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    @Val So with such good advice and points, why have you not posted an answer?... Are you connected with the industry? – Solar Mike Aug 7 at 5:07
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    @SolarMike : Duh, because there are other, perfectly good answers already? – Val Aug 7 at 5:13
9

As everyone else is already saying, this is almost guaranteed to be a scam, but I wanted to highlight that modelling agency scams can go way beyond stealing your money. Fake modelling agencies can be fronts for human trafficking, and you should be very careful.

While suspicious on its own, they are in general correct that you can simply change the PIN afterwards (though if they asked you to use a specific bank/credit union, they may know a "security question back door" to recover the account with an old PIN).

The more dangerous side of this comes in when you consider that scammers want to be blatantly obvious that they are scamming you, because they want only the most gullible people to self-select by following through. This suspicious bank activity could be the net they use to filter out easy marks, and then follow up with "this great modelling contract in [another country], you just need to give me your passport so I can buy your plane tickets and [perform dubious action] to get you set up!".

  • 8
    And in case this isn't obvious either: Do not give them your passport. – jwodder Aug 7 at 2:37
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I can sit here and try to think about if it's a scam or not. A lot of other answers have suggested it's a scam. But they miss the mark, because at the end of the day, it doesn't actually matter if it's a scam or not.

There are certain things you should never do, regardless of the situation. Giving someone your PIN is one of them. It doesn't matter if it's "legitimate or" not.

They may be able to convince you 100% that it's not a scam. Well done to them. You must NOT give them your PIN.

Let's say you trust everything they are saying, and it all checks out, you get verification from the queen, and everyone in the world says it's not a scam. You must NOT give them your PIN.

Let's say you know, somehow, it isn't a scam. You know absolutely and without a shadow of a doubt. You must NOT give them your PIN.

Don't get tripped up on a game where they have to prove their good intentions. You have to form the mindset that there is no scenario where they are getting your PIN. It's that simple.

5

It seems legitimate but I’m not sure what to do.

It probably isn't. They don't need your PIN number. If they want to make a small deposit they only need your bank account and routing numbers.

I would NOT give them my PIN number.

4

100% agreed that if they transfer money to your account, they'd know that they did through their bank. It's sort of like if you write a check for a bill, you'd know they cashed it because you'll see it on your account. You wouldn't need their account or pin number to do so.

This sounds 100% like a scam. Models are particular targets because they're looking for odd jobs to break into the industry and build a portfolio. So my advice is to simply forget about this job and walk away. If you already shot photographs, keep in mind it's very easy to set up a fake studio at some abandoned building. Verify the agency is real and the person actually works there. Ask for cash but if they insist on you giving them your account number and pin, do not do it.

Edit: Not even the bank would even know your pin number. They'd have no way to get your pin number. That's how secured it is. Your pin number is encrypted and salted at your bank and on your card if you have the little chip in it. So it's very secure, very personal. You should never give it out.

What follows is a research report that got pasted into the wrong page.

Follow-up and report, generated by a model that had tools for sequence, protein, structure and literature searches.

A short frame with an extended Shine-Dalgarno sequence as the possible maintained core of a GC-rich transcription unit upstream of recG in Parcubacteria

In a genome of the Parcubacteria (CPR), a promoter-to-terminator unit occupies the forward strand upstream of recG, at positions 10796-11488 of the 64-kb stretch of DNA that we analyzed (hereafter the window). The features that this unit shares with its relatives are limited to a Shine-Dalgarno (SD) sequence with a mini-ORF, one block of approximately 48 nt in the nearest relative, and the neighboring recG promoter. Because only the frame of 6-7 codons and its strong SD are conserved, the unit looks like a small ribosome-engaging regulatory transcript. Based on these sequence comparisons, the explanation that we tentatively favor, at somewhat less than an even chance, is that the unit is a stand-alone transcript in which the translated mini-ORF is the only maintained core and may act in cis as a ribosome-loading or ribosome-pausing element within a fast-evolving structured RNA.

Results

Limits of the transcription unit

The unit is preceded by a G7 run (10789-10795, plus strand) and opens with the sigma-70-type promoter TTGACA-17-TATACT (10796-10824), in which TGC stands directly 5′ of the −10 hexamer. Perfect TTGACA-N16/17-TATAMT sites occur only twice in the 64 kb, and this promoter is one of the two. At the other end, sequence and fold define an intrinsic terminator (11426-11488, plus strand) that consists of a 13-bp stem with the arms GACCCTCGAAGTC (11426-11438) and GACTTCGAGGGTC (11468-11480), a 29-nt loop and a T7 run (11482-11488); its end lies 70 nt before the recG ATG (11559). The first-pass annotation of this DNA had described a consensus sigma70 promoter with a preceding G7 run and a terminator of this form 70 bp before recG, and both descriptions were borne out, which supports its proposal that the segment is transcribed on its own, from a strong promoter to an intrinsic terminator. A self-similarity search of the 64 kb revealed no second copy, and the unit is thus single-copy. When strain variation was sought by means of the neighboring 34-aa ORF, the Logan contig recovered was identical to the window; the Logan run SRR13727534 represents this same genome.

Edit: This is 100% a scam. The scam involves seemingly valid work and they give you a paycheck. You deposit this paycheck that appears to be from a legit company. They ask you provide them an account # and pin to track and you deposit. Most banks make paychecks have some amount available right away until it clears for good standing accounts. Typically $200 or so for a US bank. What these scams do is they withdraw that $200 area (or more if you have money in your account for withdraw) and eventually your check will bounce and you owe the bank that $200 for having withdrawn (since you can't prove you didn't until you make a police report). You'll also be out of whatever over that $200 dollars, possibly never recovering it.

-3

There's absolutely no reason to give anyone your PIN. However, even with your PIN, they'd still need your debit card number, expiration date, and CVC. Then they'd need to encode that onto a card to withdraw money from an ATM. (Your bank account # isn't the same as your debit card #)

Are you sure they're not asking you for your routing number and account number? They can't do DD w/o knowing the routing number

It's possible this is a scam, but even w/ their bank account # and PIN they wouldn't be able to do anything w/o swiping your debit card as well.

edit: it's also possible they're referring to the telephone customer service PIN (which some banks have as an extra security measure to verify your identity. these are (to my knowledge/in my experience) totally separate from your ATM / debit PIN).

  • 2
    You are saying not to give out the PIN, which is good, but you shouldn't qualify that by saying the risk is mitigated factors, because you don't actually know how strong those factors are. Debit card number, and expiration date are not security features and can be considered public knowledge. CVC is not part of ATM authentication at all. So what you're left with is relying on the fact that it's hard to manufacture a card which, depending on the security features, may not be hard at all. – Gregory Currie Aug 7 at 2:11
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    Also, the OP says account number and account PIN, which suggests to me it's online login credentials. – Gregory Currie Aug 7 at 2:17
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    "even w/ their bank account # and PIN they wouldn't be able to do anything w/o swiping your debit card as well" - with those, they can set up online banking. Then it's "Goodnight, Vienna". – Mawg Aug 7 at 7:09